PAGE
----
DeMarco Murray looks nothing like the player that led the AFC in rushing last season. We know it, he knows it, and most importantly, so do the Tennessee Titans.
With each passing game the cries for Derrick Henry to get the lion’s share of the carries grow louder and louder, especially after his game-winning fourth quarter drive against the Colts last Sunday where he shredded their defense with eight straight punishing runs.
Murray finished the day with a paltry 9 yards on 12 carries. That’s less than one yard per attempt.
Henry has been the better runner this season. He currently leads the team in rushing, even though Murray has more attempts. He is also averaging a yard more per carry through eleven games.
And while the numbers suggest that it may be time to hand the keys to the run game to the young buck, I caution Titans fans that now is not the time to reduce Murray’s role on offense.
For starters, Murray is still the more complete back. His knowledge of the game, ability to pass-protect, and proficiency as a route running pass catcher far outweigh his inability to explode through the hole as he did so many times last season.
Murray is fourth on the team with 31 receptions, and nine of those catches extended drives with first downs. He is also second on the team with 174 yards after the catch, meaning that he is still elusive enough to make defenders miss in the open field.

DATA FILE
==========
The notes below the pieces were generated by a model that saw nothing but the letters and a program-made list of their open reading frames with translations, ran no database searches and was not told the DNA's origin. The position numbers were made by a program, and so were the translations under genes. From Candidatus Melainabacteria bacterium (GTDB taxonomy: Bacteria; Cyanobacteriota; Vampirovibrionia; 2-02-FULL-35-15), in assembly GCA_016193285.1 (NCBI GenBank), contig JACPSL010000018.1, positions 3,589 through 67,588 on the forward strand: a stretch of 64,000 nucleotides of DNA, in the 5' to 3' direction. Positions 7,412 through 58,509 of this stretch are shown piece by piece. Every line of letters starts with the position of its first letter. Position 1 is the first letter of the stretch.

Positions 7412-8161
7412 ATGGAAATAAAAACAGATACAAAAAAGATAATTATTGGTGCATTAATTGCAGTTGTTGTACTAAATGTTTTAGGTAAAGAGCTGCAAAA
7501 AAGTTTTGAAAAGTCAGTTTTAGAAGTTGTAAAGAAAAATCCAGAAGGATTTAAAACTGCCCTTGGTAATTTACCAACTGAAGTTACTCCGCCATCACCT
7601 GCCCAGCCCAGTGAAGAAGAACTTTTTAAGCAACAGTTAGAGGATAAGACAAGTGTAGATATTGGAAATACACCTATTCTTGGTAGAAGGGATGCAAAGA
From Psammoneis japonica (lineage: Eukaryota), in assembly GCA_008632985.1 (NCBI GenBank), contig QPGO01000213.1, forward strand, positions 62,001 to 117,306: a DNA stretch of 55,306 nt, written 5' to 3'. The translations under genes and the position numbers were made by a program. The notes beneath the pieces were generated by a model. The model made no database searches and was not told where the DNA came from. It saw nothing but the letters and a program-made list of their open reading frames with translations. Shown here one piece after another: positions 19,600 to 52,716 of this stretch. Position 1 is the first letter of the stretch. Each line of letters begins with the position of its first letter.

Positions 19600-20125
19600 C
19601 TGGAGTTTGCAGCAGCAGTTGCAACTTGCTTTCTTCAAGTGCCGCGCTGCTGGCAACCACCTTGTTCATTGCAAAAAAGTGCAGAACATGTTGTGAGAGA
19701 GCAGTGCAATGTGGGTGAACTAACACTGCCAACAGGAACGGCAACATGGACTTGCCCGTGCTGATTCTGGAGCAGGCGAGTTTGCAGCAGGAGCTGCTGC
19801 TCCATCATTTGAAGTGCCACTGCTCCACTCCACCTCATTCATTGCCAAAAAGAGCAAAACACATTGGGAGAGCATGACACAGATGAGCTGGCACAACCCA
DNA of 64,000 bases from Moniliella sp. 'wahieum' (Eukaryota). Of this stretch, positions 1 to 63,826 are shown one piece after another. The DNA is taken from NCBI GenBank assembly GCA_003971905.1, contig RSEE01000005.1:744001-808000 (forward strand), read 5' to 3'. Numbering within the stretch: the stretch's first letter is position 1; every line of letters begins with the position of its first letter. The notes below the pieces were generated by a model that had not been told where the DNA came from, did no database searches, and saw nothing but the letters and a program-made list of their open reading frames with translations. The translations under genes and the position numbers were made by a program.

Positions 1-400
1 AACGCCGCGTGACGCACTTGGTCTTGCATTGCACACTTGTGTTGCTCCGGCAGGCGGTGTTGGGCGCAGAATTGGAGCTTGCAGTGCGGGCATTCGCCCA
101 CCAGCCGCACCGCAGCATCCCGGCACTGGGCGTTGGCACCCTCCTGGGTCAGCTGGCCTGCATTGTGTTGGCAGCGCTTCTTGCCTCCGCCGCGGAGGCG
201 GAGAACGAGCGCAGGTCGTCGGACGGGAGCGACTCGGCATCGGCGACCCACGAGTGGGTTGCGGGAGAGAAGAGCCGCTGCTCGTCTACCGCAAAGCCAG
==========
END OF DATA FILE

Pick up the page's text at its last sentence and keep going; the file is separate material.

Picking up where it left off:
From a scheme standpoint, Murray’s ability to play and produce out of multiple formations makes the offense less predictable.
We’ve seen Murray lined up in the power I formation, alongside Marcus Mariota in shotgun formations, and even split out wide or in the slot as a receiver where he’s made plays for the offense to keep drives alive.
Henry, with all of his youth, speed, and power, simply isn’t ready to handle that type of versatile role just yet.
Another aspect of Murray’s game that cannot be minimized is his professionalism.
Rarely is he not where he is supposed to be. Murray won’t lose you games with bone-head plays, penalties, missed blocking assignments, and turnovers.
And last but not least, Murray has a clutch gene that you are either born with or you’re not.
Three weeks ago Murray took a simple toss pass from Mariota, squared his shoulders, put on a juke move, then got lower than any defender for the go-ahead touchdown to defeat the Cincinnati Bengals.
His third of the game.
Yes, Derrick Henry is the more reliable running back at this stage of the season, but Murray is the better overall player when you factor in all of the intangibles.
The Titans have already started the process of transitioning to Henry as the feature back. Last year Murray held a 2-1 advantage in carries. This season the backs have seen a 50-50 split in carries.
Henry is the future, but for a team that’s in the midst of a playoff run now, you have to keep your veteran with big game experience out there as well.
Both backs will be needed down the stretch for the Titans to reach their goal, and it would be a grave mistake to reduce Murray’s role now that the finish line is within their reach.